It has been suggested that Neil Warnock could take legal action after a series of critical and allegedly derogatory tweets were brought to his attention. The tweets were posted by Crystal Palace winger Jason Puncheon. Although now deleted, The Guardian has referred to them as “potentially libellous”. Warnock responded, insisting “if it’s been suggested that I’ve done anything untoward I want to confirm that I most certainly have not”.
The dispute arose after Puncheon’s former manager criticised the 27-year old on radio station talkSPORT following his missed penalty in a match on Saturday. Puncheon responded with several tweets, apparently attacking Warnock’s conduct when he was his Manager at Queens Park Rangers. Puncheon concluded by saying that he could live with “banter and opinions” but would not accept his 65-year old former boss’s opinion.
Puncheon swiftly deleted the tweets. Whilst Warnock denies any wrongdoing, he has said that the “matter is being addressed indirectly”, suggesting either that this may be a storm in a tea-cup, or that legal wheels are in motion.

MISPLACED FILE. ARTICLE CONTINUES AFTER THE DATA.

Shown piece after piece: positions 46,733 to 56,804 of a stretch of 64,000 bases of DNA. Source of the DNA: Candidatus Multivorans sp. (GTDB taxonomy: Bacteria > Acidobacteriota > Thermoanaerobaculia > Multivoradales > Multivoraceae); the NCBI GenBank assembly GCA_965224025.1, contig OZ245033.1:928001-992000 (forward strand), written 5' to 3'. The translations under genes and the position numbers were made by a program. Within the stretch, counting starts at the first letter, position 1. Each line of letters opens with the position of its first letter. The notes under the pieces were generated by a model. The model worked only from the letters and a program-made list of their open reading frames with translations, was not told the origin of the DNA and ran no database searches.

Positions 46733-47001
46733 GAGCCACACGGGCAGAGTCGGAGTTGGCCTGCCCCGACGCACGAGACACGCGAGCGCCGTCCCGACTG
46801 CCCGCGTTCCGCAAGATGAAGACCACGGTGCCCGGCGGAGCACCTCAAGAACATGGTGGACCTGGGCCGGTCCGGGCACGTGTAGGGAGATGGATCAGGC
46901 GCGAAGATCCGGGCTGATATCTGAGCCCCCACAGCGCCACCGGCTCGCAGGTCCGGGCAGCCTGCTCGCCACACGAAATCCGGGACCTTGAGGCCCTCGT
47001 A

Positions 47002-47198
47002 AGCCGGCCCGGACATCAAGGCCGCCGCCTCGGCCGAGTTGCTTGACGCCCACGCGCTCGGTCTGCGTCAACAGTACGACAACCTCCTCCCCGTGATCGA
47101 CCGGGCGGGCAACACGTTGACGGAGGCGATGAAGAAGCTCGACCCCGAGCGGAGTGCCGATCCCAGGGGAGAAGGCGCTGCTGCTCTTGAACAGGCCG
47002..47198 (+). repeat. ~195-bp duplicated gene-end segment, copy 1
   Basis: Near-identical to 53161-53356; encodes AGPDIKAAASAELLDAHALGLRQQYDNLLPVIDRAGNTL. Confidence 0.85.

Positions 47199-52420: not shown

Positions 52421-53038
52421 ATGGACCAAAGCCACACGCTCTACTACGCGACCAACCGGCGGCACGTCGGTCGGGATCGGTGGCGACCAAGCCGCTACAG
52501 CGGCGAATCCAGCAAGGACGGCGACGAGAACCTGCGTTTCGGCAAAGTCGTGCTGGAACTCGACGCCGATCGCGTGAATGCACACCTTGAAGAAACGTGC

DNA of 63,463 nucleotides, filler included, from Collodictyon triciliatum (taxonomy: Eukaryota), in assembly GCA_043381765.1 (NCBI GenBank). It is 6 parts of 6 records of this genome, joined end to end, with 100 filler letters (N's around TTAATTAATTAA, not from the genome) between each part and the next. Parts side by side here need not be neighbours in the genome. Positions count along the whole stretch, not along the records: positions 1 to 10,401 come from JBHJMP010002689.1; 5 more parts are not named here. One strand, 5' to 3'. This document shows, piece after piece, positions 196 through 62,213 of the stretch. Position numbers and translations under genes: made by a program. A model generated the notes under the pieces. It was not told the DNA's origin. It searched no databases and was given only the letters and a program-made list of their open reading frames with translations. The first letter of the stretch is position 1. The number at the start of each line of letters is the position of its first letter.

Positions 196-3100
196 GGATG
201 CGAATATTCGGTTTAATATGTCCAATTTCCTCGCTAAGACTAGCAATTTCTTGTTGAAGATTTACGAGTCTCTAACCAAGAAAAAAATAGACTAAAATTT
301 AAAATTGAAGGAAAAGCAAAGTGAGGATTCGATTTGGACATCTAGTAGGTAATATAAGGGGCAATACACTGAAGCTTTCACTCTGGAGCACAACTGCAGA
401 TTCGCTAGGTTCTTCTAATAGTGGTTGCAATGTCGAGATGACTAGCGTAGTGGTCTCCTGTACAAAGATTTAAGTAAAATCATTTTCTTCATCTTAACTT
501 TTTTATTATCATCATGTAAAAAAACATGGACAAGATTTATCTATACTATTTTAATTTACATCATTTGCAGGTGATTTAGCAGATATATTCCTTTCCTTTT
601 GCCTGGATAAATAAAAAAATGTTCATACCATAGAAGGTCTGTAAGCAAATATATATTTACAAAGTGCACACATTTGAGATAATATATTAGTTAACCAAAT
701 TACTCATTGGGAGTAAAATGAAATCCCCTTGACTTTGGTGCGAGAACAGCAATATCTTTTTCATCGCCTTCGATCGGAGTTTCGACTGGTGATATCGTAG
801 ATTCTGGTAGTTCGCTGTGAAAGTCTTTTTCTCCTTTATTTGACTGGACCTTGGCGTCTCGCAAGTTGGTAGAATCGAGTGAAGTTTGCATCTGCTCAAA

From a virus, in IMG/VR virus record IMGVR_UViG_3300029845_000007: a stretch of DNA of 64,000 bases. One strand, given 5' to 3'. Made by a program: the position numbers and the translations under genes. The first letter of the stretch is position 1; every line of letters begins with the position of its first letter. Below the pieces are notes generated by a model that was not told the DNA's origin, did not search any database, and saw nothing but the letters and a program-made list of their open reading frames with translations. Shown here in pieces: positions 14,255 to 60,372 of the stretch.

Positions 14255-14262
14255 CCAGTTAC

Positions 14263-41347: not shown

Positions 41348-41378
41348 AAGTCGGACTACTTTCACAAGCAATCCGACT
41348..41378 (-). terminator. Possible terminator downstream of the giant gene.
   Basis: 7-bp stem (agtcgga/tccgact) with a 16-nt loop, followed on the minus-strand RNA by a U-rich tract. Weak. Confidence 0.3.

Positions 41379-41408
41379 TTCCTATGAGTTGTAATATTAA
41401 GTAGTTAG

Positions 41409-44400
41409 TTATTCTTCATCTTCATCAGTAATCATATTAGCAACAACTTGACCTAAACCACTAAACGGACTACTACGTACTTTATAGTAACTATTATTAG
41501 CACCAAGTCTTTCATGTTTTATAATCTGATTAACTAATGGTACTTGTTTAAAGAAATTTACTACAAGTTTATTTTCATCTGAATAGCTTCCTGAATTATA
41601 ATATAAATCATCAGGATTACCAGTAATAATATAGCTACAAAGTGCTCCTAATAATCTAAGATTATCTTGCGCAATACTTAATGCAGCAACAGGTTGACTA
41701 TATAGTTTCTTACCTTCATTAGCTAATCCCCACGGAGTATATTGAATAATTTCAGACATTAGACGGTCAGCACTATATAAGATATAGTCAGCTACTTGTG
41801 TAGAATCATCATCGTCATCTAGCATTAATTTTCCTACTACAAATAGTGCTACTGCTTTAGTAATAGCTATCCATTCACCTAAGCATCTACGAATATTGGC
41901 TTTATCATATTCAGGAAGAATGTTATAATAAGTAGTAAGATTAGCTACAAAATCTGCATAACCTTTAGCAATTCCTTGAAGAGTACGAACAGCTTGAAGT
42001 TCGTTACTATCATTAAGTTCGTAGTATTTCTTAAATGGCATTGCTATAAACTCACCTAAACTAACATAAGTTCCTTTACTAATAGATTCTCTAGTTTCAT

Given that the tweets would only have appeared on the timelines of Puncheon’s relatively modest 9,000 followers and fans, it is difficult to say how much damage Warnock’s reputation may have suffered, if any, but with many defamation cases, the legal costs often outweigh any potential financial damages. A sensible resolution avoiding expensive court action will often be a more desirable outcome for all concerned, especially given that the Defamation Act, which only came into force on 1 January, has addressed the balance between free speech and protecting reputation, raising the test for defamation to one of “serious harm”.
We will have to wait and see if any further action is taken, but for now the battle will most likely steer away from social media channels.